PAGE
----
Autonomy of International Bureaucracies: On the Actor-Level Autonomy in the WTO Secretariat
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The research question in this study addresses actor-level autonomy as enacted by civil servants within an international bureaucracy, namely the WTO Secretariat. The objective is to identify underlying mechanisms arguably responsible for inciting patterns of behaviour among civil servants. This study is premised on the assumption that autonomy may be studied by examining behavioural patterns of the incumbents and that such behavioural patterns largely are a consequence of mechanisms of pre-socialization, re-socialization and organizational affiliation. The study consists of two main parts. The first part is descriptive and addresses actor-level autonomy, whereas the second part is explanatory and seeks to identify the driving forces behind the emergence of supranational, departmental and epistemic behavioural dynamics. The main conclusions drawn from this study is that the WTO Secretariat may reinforce and shape behavioural patterns in particular, and that these are related to the emergence of actorlevel autonomy. Furthermore, the Secretariat is invested with the power to influence the outcomes of global policies through various formal and informal channels. Additionally, the study finds that pre-socialization is largely responsible for evoking supranational behavioural logics, and that re-socialization primarily impacts on departmental and epistemic behavioural dynamics, whereas organizational affiliation is unequivocally linked to departmental behavioural logics.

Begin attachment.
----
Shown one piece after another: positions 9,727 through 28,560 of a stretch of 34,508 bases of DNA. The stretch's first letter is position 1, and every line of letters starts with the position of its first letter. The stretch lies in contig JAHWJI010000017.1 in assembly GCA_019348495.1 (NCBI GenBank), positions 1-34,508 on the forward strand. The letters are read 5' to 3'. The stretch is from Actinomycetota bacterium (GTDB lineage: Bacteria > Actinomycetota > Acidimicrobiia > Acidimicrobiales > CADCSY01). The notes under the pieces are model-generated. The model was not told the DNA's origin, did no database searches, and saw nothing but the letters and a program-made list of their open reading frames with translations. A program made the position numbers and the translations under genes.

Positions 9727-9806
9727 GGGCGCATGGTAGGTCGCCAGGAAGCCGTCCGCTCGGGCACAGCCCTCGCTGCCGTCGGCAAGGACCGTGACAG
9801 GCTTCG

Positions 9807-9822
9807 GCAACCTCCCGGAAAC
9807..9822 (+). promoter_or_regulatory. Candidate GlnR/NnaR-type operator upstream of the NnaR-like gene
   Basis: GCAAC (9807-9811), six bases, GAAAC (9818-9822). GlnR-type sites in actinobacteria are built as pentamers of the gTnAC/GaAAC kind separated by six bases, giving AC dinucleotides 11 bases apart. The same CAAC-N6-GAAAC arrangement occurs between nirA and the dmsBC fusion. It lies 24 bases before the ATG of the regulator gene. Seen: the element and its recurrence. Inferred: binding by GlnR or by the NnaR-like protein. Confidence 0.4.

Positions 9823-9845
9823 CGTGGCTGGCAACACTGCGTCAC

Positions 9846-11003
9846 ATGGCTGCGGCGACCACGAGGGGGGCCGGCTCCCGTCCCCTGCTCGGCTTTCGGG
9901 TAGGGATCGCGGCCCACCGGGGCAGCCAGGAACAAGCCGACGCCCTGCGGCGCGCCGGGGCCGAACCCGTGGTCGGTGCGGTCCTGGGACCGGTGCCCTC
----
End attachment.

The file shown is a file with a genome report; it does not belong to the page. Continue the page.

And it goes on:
Masteroppgave offentlig politikk og ledelse- Universitetet i Agder, 2014